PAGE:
The 23andMe and DeCODE blog posts have some interesting spins on these numbers. DeCODE's post, by their founder Kari Stefansson, says we should considering the percentage increase of how far the AUC's are over 0.5 (the AUC of a random test), so 0.08 for the non-genetic test increases to 0.118 for the combined one, and increase of greater than 45%.
The 23andMe blog has another take, saying there is a 'net 12% improvement in risk classification' when comparing the non-genetic test to the combined. I can't figure out where this 12% came from, and I've posted a comment on their blog asking for clarification. Another interesting thing the 23andMe blog mentions is another paper in Nature Precedings (a non-peer reviewed Nature web journal) on the same topic, published just a day after the NEJM article. That article did a similar study on a different set of patients and got an AUC of 0.594 for the combined model and 0.557 for the Gail model.
While I agree that AUC is a good measure for the effectiveness of a test, when you actually apply one in real life, you need often to decide at what score you will actually take action for a patient. That requires picking a cutoff to use to classify patients into low and high risk categories. To get a handle on the sensitivity and specificity of a test at a particular cutoff, you need to see the actual ROC curve used to calculate the AUC. Those ROC curves are not published in the NEJM paper, unfortunately. They are present in the Nature Precedings paper, however, as you can see below:

nature precedings roc resized 600If you look at the solid line in the above graph, which is the combined genetic and non-genetic one, you can pick points on that graph and see what the sensitivity and specificity are. Since I don't have the numbers behind the graph, I have to estimate this by eye, but I think it's instructive. For instance, if you look at 60% sensitivity, that point on the graph is roughly at 55% specificity. So that means if you used that cutoff, you'd be identifying 60% of the cancer patients as high risk and 40% of them as low risk. And you'd be identifying 55% of the non-cancer individuals as low risk and 45% of them as high risk. The dotted line marked 'Gail only' would probably be at about 50% specificity at 60% sensitivity, so the combined model is definitely better. At 80% sensitivity you're only getting about 35% specificity for the combined model, however, and even lower for the non-genetic model. You could do similar exercises for different cutoffs, but my main conclusion is that even though there is better risk assessment with a combined score when compared to non-genetic factors alone, these accuracy numbers are relatively unimpressive. If a physician is going to make choices about patient care, I'd imagine they'd want some numbers much better than any of these results, genetic or non-genetic.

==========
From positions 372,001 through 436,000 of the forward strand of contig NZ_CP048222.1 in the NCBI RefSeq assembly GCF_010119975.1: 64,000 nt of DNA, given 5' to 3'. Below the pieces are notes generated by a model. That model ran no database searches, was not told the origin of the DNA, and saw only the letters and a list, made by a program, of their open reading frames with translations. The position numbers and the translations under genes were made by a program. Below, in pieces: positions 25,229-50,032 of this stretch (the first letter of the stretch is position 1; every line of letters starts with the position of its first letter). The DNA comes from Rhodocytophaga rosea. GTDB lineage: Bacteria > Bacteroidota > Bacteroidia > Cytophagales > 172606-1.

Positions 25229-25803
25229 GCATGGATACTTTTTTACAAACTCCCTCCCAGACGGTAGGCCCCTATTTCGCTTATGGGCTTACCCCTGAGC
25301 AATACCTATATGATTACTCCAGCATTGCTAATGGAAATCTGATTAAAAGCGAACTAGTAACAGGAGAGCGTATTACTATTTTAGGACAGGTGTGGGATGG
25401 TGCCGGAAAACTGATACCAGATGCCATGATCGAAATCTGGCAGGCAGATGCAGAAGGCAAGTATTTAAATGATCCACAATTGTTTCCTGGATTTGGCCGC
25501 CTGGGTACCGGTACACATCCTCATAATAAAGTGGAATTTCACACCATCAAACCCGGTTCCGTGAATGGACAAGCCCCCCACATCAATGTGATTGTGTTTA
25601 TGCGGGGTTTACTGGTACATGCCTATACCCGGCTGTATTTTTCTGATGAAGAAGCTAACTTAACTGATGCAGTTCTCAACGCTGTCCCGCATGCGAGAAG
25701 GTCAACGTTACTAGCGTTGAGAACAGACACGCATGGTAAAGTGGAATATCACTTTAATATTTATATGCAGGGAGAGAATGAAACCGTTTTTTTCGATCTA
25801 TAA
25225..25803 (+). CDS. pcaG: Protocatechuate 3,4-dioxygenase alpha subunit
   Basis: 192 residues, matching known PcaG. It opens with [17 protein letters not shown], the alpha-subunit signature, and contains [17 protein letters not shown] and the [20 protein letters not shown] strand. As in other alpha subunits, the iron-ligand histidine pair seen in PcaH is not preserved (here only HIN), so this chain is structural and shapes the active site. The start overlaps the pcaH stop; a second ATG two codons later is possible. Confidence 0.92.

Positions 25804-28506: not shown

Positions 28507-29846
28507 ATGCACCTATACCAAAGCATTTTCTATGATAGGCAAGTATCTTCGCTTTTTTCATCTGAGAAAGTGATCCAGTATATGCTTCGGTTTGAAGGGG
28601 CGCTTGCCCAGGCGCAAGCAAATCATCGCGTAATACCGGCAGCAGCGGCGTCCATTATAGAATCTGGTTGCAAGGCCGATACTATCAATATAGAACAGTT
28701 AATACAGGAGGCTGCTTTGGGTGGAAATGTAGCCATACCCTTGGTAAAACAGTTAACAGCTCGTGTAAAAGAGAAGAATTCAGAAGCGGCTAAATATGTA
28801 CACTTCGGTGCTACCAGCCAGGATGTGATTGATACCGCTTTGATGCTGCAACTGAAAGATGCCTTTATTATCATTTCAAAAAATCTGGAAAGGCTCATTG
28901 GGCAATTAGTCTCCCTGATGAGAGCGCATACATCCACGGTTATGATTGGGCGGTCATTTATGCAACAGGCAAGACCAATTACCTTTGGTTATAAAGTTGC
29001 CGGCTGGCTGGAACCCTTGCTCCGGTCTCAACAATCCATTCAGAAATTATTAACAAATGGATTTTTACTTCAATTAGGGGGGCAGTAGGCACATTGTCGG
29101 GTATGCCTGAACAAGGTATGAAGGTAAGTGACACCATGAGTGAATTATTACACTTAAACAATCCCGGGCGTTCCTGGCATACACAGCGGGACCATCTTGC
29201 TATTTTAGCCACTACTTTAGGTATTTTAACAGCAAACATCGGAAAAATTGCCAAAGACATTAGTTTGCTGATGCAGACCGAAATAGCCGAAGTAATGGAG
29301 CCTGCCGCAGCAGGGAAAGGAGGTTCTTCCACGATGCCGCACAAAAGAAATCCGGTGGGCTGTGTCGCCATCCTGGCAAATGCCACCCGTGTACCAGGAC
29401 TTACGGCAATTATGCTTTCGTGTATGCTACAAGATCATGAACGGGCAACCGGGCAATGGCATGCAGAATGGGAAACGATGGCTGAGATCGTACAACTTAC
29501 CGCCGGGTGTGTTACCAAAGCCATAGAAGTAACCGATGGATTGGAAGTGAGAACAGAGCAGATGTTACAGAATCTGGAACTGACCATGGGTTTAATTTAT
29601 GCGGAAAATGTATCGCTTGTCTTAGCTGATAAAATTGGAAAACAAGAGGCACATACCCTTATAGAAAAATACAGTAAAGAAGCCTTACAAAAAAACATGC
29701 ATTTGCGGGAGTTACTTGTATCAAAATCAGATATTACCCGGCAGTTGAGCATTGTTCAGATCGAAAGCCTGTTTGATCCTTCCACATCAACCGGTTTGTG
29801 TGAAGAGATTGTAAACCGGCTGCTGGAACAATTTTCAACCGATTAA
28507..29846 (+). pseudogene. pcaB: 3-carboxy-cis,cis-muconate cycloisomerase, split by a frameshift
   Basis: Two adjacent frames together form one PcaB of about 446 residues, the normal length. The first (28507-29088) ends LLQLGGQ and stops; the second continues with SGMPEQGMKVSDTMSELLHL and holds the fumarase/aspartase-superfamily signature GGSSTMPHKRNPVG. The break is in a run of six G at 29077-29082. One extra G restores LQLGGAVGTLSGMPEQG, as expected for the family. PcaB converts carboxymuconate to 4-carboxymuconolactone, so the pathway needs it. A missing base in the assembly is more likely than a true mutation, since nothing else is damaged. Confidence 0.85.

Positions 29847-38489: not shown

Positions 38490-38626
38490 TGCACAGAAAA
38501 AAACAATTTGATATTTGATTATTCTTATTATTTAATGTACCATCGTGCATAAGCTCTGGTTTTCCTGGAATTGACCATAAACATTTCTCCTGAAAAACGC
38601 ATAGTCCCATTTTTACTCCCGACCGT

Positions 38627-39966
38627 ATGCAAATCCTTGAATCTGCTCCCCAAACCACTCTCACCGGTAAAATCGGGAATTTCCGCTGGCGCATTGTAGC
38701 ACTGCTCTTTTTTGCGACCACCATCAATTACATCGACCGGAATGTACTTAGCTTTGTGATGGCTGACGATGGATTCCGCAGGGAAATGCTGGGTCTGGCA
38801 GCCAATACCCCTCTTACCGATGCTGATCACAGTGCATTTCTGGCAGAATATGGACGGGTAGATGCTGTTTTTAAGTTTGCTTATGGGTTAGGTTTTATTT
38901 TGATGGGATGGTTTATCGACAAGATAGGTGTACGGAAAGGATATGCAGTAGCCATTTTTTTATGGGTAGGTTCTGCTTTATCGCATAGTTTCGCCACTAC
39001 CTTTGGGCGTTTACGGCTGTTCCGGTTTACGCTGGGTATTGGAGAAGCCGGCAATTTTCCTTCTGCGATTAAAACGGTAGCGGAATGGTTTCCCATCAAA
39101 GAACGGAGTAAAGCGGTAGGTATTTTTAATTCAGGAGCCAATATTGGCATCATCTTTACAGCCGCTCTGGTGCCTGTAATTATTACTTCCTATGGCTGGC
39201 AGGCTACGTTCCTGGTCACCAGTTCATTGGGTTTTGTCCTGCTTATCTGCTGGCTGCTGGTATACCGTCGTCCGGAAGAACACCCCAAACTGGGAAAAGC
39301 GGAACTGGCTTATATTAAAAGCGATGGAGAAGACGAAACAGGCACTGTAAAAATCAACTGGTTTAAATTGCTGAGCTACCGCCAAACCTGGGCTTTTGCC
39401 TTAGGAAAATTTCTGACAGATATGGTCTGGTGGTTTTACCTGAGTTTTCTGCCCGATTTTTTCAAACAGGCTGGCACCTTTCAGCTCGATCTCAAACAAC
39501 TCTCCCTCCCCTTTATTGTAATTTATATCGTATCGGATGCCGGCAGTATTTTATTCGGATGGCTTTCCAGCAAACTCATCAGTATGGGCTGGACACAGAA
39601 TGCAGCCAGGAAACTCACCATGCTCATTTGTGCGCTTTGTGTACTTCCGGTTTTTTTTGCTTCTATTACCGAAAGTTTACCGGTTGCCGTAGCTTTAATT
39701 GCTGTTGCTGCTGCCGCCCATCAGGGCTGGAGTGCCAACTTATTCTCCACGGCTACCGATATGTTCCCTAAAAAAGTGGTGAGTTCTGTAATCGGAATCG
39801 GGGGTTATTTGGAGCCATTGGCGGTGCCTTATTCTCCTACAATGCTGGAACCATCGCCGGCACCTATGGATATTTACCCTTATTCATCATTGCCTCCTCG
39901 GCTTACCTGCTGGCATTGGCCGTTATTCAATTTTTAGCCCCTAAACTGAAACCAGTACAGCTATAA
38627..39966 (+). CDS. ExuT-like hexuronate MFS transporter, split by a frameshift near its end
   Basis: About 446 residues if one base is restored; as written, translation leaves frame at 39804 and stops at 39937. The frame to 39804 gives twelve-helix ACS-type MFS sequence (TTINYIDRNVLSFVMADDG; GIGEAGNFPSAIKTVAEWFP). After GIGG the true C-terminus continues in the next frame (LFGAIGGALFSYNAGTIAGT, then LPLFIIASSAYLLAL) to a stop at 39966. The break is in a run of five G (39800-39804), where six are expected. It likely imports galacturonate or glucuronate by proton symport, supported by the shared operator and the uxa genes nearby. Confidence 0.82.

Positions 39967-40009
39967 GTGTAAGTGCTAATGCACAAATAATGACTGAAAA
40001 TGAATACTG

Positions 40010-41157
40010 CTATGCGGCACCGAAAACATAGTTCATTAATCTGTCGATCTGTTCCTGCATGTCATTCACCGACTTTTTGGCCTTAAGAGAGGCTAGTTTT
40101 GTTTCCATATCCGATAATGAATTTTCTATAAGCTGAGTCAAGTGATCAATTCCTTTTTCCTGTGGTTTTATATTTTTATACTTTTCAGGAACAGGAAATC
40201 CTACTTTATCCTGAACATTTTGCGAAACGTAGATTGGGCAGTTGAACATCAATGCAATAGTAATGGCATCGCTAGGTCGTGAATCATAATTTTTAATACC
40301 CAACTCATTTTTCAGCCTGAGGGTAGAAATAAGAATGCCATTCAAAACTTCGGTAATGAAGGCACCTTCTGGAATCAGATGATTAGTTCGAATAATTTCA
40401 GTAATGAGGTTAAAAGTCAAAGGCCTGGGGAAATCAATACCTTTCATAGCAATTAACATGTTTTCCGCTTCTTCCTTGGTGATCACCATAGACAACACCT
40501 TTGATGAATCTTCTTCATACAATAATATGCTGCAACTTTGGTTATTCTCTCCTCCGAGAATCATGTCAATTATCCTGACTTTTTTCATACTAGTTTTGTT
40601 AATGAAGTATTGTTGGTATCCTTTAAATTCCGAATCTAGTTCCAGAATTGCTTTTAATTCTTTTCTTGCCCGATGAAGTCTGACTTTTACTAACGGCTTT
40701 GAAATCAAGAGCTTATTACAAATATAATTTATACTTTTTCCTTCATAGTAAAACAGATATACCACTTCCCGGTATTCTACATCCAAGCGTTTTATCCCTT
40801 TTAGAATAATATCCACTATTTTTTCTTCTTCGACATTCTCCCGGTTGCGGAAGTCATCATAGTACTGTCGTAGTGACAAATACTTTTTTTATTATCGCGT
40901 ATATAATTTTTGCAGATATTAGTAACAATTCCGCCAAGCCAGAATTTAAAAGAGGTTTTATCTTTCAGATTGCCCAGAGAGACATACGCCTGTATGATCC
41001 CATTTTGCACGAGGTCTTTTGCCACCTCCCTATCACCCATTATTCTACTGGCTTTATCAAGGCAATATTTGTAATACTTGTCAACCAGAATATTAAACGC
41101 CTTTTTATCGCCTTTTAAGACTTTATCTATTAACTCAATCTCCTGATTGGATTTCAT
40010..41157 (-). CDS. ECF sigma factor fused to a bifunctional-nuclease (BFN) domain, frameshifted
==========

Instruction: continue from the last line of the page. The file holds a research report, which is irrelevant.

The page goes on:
On the flipside, however, the main source for optimism here is that there doesn't seem to be much room for improvement in the tests based on family and health history whereas with future discoveries of more genetic risk factors for breast cancer, those results will only get better. There is also the possibility that other kinds of molecular factors, such as epigenetic effects and RNA/protein expression, will also be be useful. What remains to be seen, however, is how long it will take to get results which are not just better in a relative sense, but useful in an absolute sense for doctors and patients.